Surgery gives patients something to smile about

Augusta 05 February 2008For 10 years, Thelma Clark has lived without teeth. Diagnosed with osteoporosis at 50, her teeth broke off one by one. She's gone through four sets of dentures and bulk quantities of denture adhesive. Thanks to a revolutionary procedure available at the Medical College of Georgia (MCG) School of Dentistry, she no longer hides her smile. Surgeons and prosthodontists used Nobel Biocare's Teeth in an Hour technology to give Ms. Clark new pearly whites.

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"I'm so self-conscious about my appearance", stated Ms. Clark, a resident of Fitzgerald, Georgia. "I catch myself holding my hand over my mouth when I smile."

"Implants, which anchor permanent prosthetic teeth, are the biggest thing in dentistry right now. This procedure really benefits people who are pressed for time and don't want to wear dentures", stated Dr. Solon Kao, an oral surgeon and assistant professor in the Department of Oral and Maxillofacial Surgery.

A $6,2 million contract between MCG and Nobel Biocare, a manufacturer of dental implants and equipment, funds the equipment, training and software needed for the procedure. Teeth in an Hour, which refers to the surgical time spent placing the implants, shortens the implant process from months involving multiple surgical procedures and recovery to weeks culminating in only one minimally invasive procedure, according to Dr. Kao.

The conventional implant method requires cutting open the tissues and revealing the jaw bone to determine placement of the implants. Once in place, they are covered by the tissue. Healing time is usually four months before a second operation to place additional attachments on the implants. After another healing period and potentially more procedures, dental prostheses are attached.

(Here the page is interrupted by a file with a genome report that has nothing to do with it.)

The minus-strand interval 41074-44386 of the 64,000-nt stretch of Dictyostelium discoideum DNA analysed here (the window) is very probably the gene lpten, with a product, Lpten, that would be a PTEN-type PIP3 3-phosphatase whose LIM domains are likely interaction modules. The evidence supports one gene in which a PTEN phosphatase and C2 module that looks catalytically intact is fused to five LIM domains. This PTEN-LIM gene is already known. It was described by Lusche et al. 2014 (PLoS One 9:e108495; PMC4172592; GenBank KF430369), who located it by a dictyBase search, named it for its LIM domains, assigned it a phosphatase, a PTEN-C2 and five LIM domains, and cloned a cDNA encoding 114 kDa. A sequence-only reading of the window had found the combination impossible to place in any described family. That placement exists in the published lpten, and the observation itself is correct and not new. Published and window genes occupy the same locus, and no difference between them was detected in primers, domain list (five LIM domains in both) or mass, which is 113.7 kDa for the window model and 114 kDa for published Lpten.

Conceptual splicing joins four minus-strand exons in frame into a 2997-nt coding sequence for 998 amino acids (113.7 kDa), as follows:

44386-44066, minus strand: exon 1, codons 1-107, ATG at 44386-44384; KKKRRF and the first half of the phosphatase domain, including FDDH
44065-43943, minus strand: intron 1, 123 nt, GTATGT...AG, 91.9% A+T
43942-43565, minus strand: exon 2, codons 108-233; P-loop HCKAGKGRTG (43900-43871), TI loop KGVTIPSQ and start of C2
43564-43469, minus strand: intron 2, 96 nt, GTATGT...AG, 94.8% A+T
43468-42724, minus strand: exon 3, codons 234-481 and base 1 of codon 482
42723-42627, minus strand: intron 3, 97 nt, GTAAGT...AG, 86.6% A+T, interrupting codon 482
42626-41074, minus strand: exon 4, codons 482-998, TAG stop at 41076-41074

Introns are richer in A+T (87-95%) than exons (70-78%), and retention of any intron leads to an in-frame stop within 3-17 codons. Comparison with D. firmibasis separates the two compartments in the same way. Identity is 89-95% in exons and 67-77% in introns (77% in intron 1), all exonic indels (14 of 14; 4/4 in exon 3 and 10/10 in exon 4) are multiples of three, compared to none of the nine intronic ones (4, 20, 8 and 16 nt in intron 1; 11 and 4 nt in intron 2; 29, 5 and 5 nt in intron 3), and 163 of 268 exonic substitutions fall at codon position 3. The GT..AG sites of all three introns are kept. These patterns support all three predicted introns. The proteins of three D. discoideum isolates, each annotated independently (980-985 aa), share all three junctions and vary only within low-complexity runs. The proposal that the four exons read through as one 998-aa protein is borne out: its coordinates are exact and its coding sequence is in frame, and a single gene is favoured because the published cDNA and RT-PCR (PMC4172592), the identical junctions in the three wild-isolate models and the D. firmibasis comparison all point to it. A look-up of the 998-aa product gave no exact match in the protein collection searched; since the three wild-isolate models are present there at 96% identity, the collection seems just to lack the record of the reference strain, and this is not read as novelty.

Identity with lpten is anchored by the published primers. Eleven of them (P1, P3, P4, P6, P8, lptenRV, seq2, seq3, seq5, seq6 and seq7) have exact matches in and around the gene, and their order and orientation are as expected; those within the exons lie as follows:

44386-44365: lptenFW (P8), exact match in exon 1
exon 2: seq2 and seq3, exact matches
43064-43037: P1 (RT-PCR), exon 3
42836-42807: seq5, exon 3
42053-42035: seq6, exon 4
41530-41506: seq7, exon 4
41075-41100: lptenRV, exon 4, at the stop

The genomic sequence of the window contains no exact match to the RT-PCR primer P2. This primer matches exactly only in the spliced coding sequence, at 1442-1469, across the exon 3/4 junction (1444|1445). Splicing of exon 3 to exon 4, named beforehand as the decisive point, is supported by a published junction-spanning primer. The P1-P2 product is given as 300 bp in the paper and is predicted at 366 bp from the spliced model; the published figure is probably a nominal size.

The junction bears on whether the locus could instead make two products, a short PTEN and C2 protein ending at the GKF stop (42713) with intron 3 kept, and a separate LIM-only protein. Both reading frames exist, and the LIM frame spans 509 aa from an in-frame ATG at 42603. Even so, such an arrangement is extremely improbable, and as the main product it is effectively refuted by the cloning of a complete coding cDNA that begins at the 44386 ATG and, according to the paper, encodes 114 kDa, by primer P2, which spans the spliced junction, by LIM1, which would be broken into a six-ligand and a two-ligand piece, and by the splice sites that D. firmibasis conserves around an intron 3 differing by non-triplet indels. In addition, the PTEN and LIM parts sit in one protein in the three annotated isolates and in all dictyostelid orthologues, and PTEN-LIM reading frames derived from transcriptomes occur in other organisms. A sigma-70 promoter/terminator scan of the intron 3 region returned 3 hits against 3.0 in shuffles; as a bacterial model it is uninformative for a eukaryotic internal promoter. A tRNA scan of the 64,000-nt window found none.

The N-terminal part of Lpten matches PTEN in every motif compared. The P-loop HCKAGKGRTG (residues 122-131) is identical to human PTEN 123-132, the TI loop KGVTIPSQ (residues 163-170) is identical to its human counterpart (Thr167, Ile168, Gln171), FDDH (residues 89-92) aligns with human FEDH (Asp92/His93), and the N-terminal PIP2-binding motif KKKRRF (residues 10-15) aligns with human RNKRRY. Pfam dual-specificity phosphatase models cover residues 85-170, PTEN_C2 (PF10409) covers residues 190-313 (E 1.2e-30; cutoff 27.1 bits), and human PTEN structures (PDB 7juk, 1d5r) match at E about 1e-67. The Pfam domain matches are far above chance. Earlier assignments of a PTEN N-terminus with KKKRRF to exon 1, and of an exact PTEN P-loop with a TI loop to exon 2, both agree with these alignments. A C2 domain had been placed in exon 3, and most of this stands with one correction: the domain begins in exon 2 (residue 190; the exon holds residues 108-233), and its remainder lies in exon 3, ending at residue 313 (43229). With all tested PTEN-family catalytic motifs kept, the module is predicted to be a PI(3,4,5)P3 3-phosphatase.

"The conventional method is a tedious, time-consuming process for the patient, whereas Teeth in an Hour is focused on treatment-planning and requires a minimal amount of the patient's time", Dr. Kao stated. The procedure requires an initial appointment for a CT scan and mouth impressions, which are used to create a virtual 3D model of the patient.

"With this virtual model, I can precisely determine implant location without the patient coming for an office visit", Dr. Kao stated. Once he has designed the implant placement in the virtual model, this "surgery blueprint" is sent electronically to Nobel Biocare to make a customized surgical template.

"The template is secured to the patient's jaw during surgery, and it guides implant placement to the intended location", stated Dr. Kao. Once the implants are in place, a prosthodontist attaches the prostheses. The benefits of this minimally invasive procedure compared to the conventional implant method extend far beyond the convenience of a shortened process, according to Dr. Kao.

"There's generally no need for sedation, and because I never pick up a knife, there are no sutures, less swelling and less pain", he stated. "A patient who comes with no teeth the morning of surgery can go home the same day with a full set and have a hamburger for dinner."

Ms. Clark can't wait to do just that. "I've lived off instant potatoes and grits for six months, so I'm ready for a steak and baked potato. I just hope I haven't forgotten how to chew", she stated.

Patients with strong bones are the best surgery candidates, according to Dr. Kao. "When you're building a house, you must have a solid foundation. The same is true for dental implants; you must have solid bone structure to provide support for implants", he stated.

In Ms. Clark's case, osteoporosis had decimated her jaw bone, so bone from her skull was grafted into her jaw over the summer. "I've always been one to smile, but now I'm gonna smile a lot more", stated Ms. Clark.


Leslie Versweyveld

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